At the one SIF that exists in North America—Vancouver, BC's 13-year-old Insite facility—research suggests benefits for the immediate neighborhood. Those include fewer overdoses, fewer discarded needles, and fewer thefts and car break-ins. Researchers say there's no evidence that the site has created new drug users.
Crucially, studies also suggest Insite has smoothed the path between users and drug treatment. Similar sites around the world have yielded the same result.
"If the evidence were lousy, I'd say, 'How can I endorse this?'" says Dr. Rachel Solotaroff, medical director at Central City Concern. "In the setting of compelling evidence, I find it really hard to say this would be unhelpful."
Right now, Portland is nowhere close to establishing a SIF—but that might be changing.
Earlier this month, two New York social workers and filmmakers, Matt Curtis and Taeko Frost, came to Portland to screen Everywhere But Safe, their film about the perils of public injection in New York state. The event was organized by street newspaper Street Roots, which has been calling on Portland leaders to create a SIF since last August.
At the same time, the paper convened a forum with local officials—representing police, health care, and social services—to introduce the concept of SIFs and discuss their potential benefits.
The same strategy had dramatic results in Seattle.
Since a forum on SIFs last November, Seattle has launched a Heroin and Prescription Opiate Addiction Task Force. That task force is due to release an array of recommendations in September, and people involved are confident one of them will be that officials should seriously consider a city- and county-sanctioned supervised consumption space, where drug users would be able to smoke as well as inject.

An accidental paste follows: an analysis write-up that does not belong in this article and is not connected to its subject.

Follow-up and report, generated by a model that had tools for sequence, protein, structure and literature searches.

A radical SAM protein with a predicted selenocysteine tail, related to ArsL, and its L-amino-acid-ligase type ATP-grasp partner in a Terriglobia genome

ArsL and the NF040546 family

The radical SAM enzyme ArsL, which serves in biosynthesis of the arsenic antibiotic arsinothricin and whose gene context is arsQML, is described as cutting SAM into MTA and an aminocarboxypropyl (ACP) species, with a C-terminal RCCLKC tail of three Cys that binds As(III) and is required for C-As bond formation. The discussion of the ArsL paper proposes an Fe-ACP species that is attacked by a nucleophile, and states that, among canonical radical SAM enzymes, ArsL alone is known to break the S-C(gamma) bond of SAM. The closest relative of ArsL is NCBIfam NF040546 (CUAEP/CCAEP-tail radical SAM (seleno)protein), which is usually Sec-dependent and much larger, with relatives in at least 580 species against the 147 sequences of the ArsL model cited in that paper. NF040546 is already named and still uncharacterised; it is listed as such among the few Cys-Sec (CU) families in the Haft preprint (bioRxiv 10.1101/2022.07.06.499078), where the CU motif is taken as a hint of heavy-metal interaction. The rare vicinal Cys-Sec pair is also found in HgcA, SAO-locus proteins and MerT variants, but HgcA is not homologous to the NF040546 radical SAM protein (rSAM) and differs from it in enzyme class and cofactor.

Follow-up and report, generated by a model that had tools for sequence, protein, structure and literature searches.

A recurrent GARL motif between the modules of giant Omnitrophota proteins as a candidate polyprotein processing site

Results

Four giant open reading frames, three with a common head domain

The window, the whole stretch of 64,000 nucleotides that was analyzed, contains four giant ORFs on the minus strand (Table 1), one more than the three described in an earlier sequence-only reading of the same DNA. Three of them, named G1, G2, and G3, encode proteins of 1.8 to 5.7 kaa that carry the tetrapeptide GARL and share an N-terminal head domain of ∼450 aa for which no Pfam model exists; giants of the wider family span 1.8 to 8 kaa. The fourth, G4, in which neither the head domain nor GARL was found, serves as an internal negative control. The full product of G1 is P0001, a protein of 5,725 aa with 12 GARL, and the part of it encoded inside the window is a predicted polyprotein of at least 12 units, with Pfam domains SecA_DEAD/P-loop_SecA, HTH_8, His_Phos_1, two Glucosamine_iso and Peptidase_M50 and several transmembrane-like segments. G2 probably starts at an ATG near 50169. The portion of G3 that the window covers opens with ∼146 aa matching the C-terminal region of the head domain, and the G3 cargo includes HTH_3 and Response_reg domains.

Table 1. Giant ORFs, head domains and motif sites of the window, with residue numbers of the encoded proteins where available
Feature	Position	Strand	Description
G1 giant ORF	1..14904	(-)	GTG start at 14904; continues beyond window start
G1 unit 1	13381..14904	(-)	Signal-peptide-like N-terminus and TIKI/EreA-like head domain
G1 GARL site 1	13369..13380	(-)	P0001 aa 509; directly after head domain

That means our northern neighbors might be on the verge of a national first.
"Most other cities have hit some sort of roadblock," says Patricia Sully, who sits on the Seattle task force and advocates for safe facilities with the group Voices of Community Activists and Leaders—Washington (VOCAL-WA). "They've had some important stakeholder say, 'Absolutely not, we are not doing this.' Seattle has yet to have that."
Portland has plenty of reasons to take note.
In the last 15 years, the rate of fatal heroin overdose has shot dramatically up in Multnomah, Clackamas, and Washington Counties. From 2000 to 2002, an average of 1.154 people in every 100,000 died from heroin overdose in the tri-county region, according to the Oregon Health Authority. From 2012 to 2014, that average was 4.132 people in every 100,000. Statewide, fatal heroin overdoses increased over the same timeframe. Oregon saw 28 fatal heroin overdoses in 2000, and 115 in 2012.
Advocates and experts point to a central reason for the spike, which is also being felt elsewhere around the country: Harsh restrictions on highly addictive prescription opioids like oxycodone have sent more and more people scrambling to heroin's similar fix.